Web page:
The city has assisted participant hotels in increasing their overall diversion rates — in some cases, by 400 percent or more.
BioCycle January 2014, Vol. 55, No. 1, p. 28
In the City of San Diego (City), several hotels are participating in the City’s commercial food waste composting program, some with over 1,000 rooms, and all of them with convention centers on site. Food waste is collected from generators by the City’s franchise haulers, and composted in an open windrow system at the City’s composting facility, the Miramar Greenery. The program accepts food scraps, coffee grounds and coffee filters, parchment paper, and paper towels and napkins from the kitchens. It does not accept any compostable kitchen/tableware, or cardboard, and has a one percent threshold for contamination. As a requirement for participation, businesses must be in full compliance with San Diego’s Recycling Ordinance, and their employees must be trained by City staff about the recycling and food scraps composting programs. The City also works with hotel staff and their haulers, conducting waste audits to identify and quantify recyclables and food waste that could still be diverted from the waste stream.
Hotels are encouraged to work on source reduction and donate excess edible food. Most of the participating hotels use their excess edible food in the employees’ cafeterias, but as with many other businesses, they are still resistant and afraid of food donation programs. City staff provides educational material on the Bill Emerson Good Samaritan Act, the Internal Revenue Service Code’s Allowable Deductions for Charitable Donations to Ordinary Income Properties, and a list of local charities and food banks that will work with them to implement a safe and smooth excess edible food donation program.
As part of the program requirements, hotel staff and a representative of their hauler have to inspect the hotel’s first three food scraps loads with City staff at the Miramar Greenery, to ensure that any contamination issues are identified, and properly addressed back at the hotel. With this comprehensive approach to waste diversion, i.e., not just a food waste composting focus but also waste prevention and donation, San Diego has assisted participant hotels in increasing their overall diversion rates — in some cases, by 400 percent or more, and even achieving over 80 percent waste diversion. Table 1 illustrates diversion achieved by several hotel participants.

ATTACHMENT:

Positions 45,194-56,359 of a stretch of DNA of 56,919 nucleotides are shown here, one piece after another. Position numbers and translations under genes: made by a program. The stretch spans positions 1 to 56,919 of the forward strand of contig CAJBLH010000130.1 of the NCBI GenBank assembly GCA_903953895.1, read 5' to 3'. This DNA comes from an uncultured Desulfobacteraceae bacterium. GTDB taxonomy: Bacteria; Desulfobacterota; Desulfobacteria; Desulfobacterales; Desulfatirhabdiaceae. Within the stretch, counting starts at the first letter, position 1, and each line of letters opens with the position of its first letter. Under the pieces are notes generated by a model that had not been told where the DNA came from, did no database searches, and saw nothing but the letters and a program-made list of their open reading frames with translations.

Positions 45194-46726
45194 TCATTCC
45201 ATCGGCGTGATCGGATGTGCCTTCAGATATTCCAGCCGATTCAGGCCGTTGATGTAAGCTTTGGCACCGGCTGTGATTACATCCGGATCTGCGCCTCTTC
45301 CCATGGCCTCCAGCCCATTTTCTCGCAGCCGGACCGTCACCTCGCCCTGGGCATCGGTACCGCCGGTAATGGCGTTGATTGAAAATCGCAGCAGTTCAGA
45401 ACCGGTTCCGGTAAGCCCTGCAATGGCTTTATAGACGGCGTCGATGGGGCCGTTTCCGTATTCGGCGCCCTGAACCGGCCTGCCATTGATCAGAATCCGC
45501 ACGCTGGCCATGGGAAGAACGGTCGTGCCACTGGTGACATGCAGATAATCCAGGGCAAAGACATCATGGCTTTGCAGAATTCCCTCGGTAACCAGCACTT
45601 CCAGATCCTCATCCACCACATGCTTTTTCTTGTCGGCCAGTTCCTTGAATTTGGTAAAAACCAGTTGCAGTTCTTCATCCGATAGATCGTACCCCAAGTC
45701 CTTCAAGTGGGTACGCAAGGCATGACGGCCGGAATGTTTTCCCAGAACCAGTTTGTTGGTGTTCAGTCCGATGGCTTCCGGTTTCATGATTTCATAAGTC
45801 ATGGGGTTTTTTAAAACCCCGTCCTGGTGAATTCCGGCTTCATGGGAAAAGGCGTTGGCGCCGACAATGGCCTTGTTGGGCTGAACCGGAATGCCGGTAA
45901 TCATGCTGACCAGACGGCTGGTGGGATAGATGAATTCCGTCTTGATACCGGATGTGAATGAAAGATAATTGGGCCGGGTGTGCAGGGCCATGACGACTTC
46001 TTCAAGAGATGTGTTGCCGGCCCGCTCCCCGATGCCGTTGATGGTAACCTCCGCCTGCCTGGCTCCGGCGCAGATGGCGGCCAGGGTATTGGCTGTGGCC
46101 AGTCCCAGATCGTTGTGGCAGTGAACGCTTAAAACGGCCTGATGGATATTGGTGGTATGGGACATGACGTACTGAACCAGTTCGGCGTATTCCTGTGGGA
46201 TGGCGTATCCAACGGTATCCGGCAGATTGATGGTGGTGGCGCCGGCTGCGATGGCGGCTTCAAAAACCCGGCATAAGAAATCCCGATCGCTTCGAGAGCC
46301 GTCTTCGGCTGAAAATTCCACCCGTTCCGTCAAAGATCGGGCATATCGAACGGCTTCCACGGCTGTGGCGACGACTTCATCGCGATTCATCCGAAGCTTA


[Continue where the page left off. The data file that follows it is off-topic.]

The Hilton San Diego Bayfront Hotel was the first hotel to participate in the food scraps composting program in May 2010. The hotel was eager to get started, and had the fastest program implementation of all hotels: only one month, and that included training over 100 staff members! Most hotel programs take an average of three to four months to be fully implemented (including the implementation of the City Recycling Ordinance’s requirements).
Table 2 summarizes food waste generation and collection at participating hotels. Collection service varies from single generators using compactors to collection route participants using either dumpsters or carts. Due to space limitations, some hotels receive route collection three times/week. For example, the Crowne Plaza Hanalei San Diego Hotel had significant space difficulties, and needed to participate in a route system. The Hotel waited close to three years until a food waste composting route collection system was implemented to participate in the program. During this period, it worked on improving its source reduction, reuse, donation and recycling programs. The current participant hotels represent 13 percent of all of the City’s commercial food waste program’s participants, and generate approximately 30 percent of the total program’s tonnage. Other generators in the program include large venues such as a military training facility, university campuses, hospitals, SeaWorld San Diego, Petco Park baseball stadium, and the City’s Convention Center and International Airport.
Current participant hotels generate an average of 0.85 lbs/meal of food waste. It is interesting to note that hotels participating in an excess edible food donation program, in addition to using it in the employees’ cafeteria, have an average of only 0.49 lbs of food waste per meal. Hotels that donate excess edible food also typically realize a great cost savings on their disposal bills. The amount saved depends on such variables the specific collection programs and fees charged by the individual haulers. Table 3 shows a comparison based on the average food waste/lbs.
All program participants are presented with a yearly seal of participation to be displayed at their facilities. In addition to the training the City provides, several hotels have created their own waste diversion outreach tools for employees, such as videos, recycling fashion show, and games. The Hilton San Diego BayFront, Crowne Plaza, Sheraton Hotel and Marina, Marriott Marquis, The Grand Del Mar, and The Lodge at Torrey Pines have already been recognized under the City’s Annual Waste Reduction and Recycling Awards Program. Future awards will recognize new program participants with exemplar waste diversion rates.
Ana Carvalho is an Environmental Specialist with the City of San Diego’s (CA) Environmental Services Department.